Unethical behavior; Fires due to poor planning; No collusion; Need for understanding of school funding — Letters to the Editor, Nov. 14, 2018

Unethical behavior

I have waited until after the midterm voting has been completed so that I may express my view — a viewpoint that I believe is held by many others in this community.

I am appalled and outraged by the behavior of two Florence City Council members prior to the distribution of ballots to voters.

It is unconscionable and appalling to read of the bullying of a City Council candidate by two sitting City Council members. Their behaviors are so egregious that I can conclude I have never seen the likes of them before.

Regardless of the political outcome this type of behavior is at best totally unethical.

It is my opinion that the two City Council members should be removed from office and barred from holding public office forever.

—David Lynch


Fires are due to poor USFS planning, environmentalists

Claims that the devastating fires are caused by global warming is not entirely right.

Global warming is only a small part of the problem. The main cause is the failure to maintain a healthy forest. For the past 70-plus years, all fires have been seen as "bad," and the forest service began putting out all fires. The result was a build-up of debris on the forest floor.

To further aggravate the problem, fanatical environmentalists stopped major portions of logging activities. Look at the pictures of Yosemite in the 1940s and compare them to today, and it is easy to see the problem: Back then, there was enough room between trees to drive a car. Today, it is hard to ride a horse between them.

It is like pouring gas on the fire once it starts. With proper timber management, many of today's fires wouldn't have happened. By the time USFS figured this out, it was too late to stop the inevitable.

Any fires were going to be almost impossible to control.

They have started to try and clean up and thin out forests now, but it is expensive and will take time; after all, it took many years to get this way.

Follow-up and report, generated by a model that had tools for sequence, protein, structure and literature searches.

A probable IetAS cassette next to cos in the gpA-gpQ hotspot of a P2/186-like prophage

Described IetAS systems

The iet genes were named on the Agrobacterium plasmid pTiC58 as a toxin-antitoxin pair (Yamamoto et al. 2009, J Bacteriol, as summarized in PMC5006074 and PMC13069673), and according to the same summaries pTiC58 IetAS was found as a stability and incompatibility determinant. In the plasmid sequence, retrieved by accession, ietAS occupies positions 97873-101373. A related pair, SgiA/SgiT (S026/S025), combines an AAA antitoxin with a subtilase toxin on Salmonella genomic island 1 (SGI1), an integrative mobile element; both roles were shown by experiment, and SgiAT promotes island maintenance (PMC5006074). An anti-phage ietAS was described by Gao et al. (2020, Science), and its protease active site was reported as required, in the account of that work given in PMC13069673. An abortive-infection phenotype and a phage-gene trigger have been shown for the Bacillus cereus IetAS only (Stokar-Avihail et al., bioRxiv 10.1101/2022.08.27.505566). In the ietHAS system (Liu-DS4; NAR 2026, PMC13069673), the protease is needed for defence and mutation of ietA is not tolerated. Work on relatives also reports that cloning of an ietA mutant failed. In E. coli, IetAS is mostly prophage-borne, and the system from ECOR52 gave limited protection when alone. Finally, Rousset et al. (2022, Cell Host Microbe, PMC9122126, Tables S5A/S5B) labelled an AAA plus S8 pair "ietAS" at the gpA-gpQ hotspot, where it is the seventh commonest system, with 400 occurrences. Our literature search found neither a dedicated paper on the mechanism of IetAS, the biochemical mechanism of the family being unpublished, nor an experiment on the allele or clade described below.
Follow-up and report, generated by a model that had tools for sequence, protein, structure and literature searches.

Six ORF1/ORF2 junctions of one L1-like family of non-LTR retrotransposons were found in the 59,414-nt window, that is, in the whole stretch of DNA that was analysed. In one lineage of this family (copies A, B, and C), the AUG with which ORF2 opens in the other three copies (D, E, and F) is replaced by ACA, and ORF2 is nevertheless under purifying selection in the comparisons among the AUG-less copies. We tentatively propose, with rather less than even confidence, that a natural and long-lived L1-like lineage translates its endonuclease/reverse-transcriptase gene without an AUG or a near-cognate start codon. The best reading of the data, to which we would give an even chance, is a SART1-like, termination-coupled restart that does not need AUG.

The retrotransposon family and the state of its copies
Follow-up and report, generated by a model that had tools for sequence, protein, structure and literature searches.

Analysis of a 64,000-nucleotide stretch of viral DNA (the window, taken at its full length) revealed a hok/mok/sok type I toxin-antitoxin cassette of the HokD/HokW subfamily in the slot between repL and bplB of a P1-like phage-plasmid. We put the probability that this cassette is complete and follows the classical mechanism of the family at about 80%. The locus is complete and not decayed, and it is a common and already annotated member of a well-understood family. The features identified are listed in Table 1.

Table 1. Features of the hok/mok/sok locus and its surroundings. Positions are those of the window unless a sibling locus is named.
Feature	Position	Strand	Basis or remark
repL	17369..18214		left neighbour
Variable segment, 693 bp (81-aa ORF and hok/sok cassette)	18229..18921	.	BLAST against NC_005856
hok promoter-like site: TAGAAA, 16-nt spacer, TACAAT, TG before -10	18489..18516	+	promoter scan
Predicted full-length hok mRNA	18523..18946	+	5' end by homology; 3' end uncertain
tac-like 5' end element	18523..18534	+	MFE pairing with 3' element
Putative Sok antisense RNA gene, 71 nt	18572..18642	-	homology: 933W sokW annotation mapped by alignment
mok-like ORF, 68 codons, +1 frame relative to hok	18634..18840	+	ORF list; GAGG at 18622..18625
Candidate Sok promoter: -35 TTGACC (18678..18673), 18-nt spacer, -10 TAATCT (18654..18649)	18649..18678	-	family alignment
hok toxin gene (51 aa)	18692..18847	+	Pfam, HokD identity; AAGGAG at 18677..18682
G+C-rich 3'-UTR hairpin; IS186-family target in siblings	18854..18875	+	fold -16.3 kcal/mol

Think what your place would be like if you let it go for years, let alone decades.

—Dan McDivitt


No collusion or reason to demonstrate

Recently, local political activist Nora Kent, while demonstrating on 101 against the termination of Attorney General Jeff Sessions, was quoted (Siuslaw News story “March In Support of Special Counsel Robert Mueller," Nov. 10) “This is what Democracy looks like...”

Really? Just where does a lawfully released cabinet member by a United States President look like democracy by demonstrating because mobocracy is concerned that a Special Counsel Mueller, appointed by the executive branch of government, may be terminated?

Since when did Robert Mueller have more authority than the executive branch which hired him, even the President, who is the chief officer of the executive branch?

It seems absurd to link this misguided demonstration with democracy. Our democratic right is to vote; the President’s right is to terminate those in the executive branch.

Our rights under the Bill of Rights is to “peaceably assemble” with common sense. Bob Mueller should have been dismissed long ago because the taxpayers of America have coughed up $20 million for what appears to be a no-proof hoax put in motion by Deputy Attorney General Rod Rosenstein over the impotence of the recused Jeff Sessions.

The only collusion with the Russians that I can see is Barack Obama at an open microphone pleading with President Medvedev for time and compromise, and Hillary Clinton’s paid-for dossier using Russian influence with her campaign funds.

Save the demonstrations for real issues, like eliminating the Second Amendment and destroying the lives of Supreme Court Justices who would send Roe vs Wade to the states.

God bless America, our wonderful Republic.

— Joel Marks


Need for understanding of school funding rules

In response to the letter submitted by Cris Reep (“Tough Times Call For Tough Meaures,” Nov. 10) I wonder if many others in our community have a misunderstanding of how schools are funded in the state of Oregon.

The funding received by public schools through normal taxes are very restricted. Under current Oregon law a school district may not use operating funds for certain capital improvement or construction. Those can only be obtained through bond measures.

By law, a school district could have a huge budget surplus but is restricted from using those funds toward capital projects. Students pay out-of-pocket to play sports or other after-school extracurricular activities.

Eliminating football and any other extracurricular activity would not even begin to address issues outlined by the school district.

—Bob Teter


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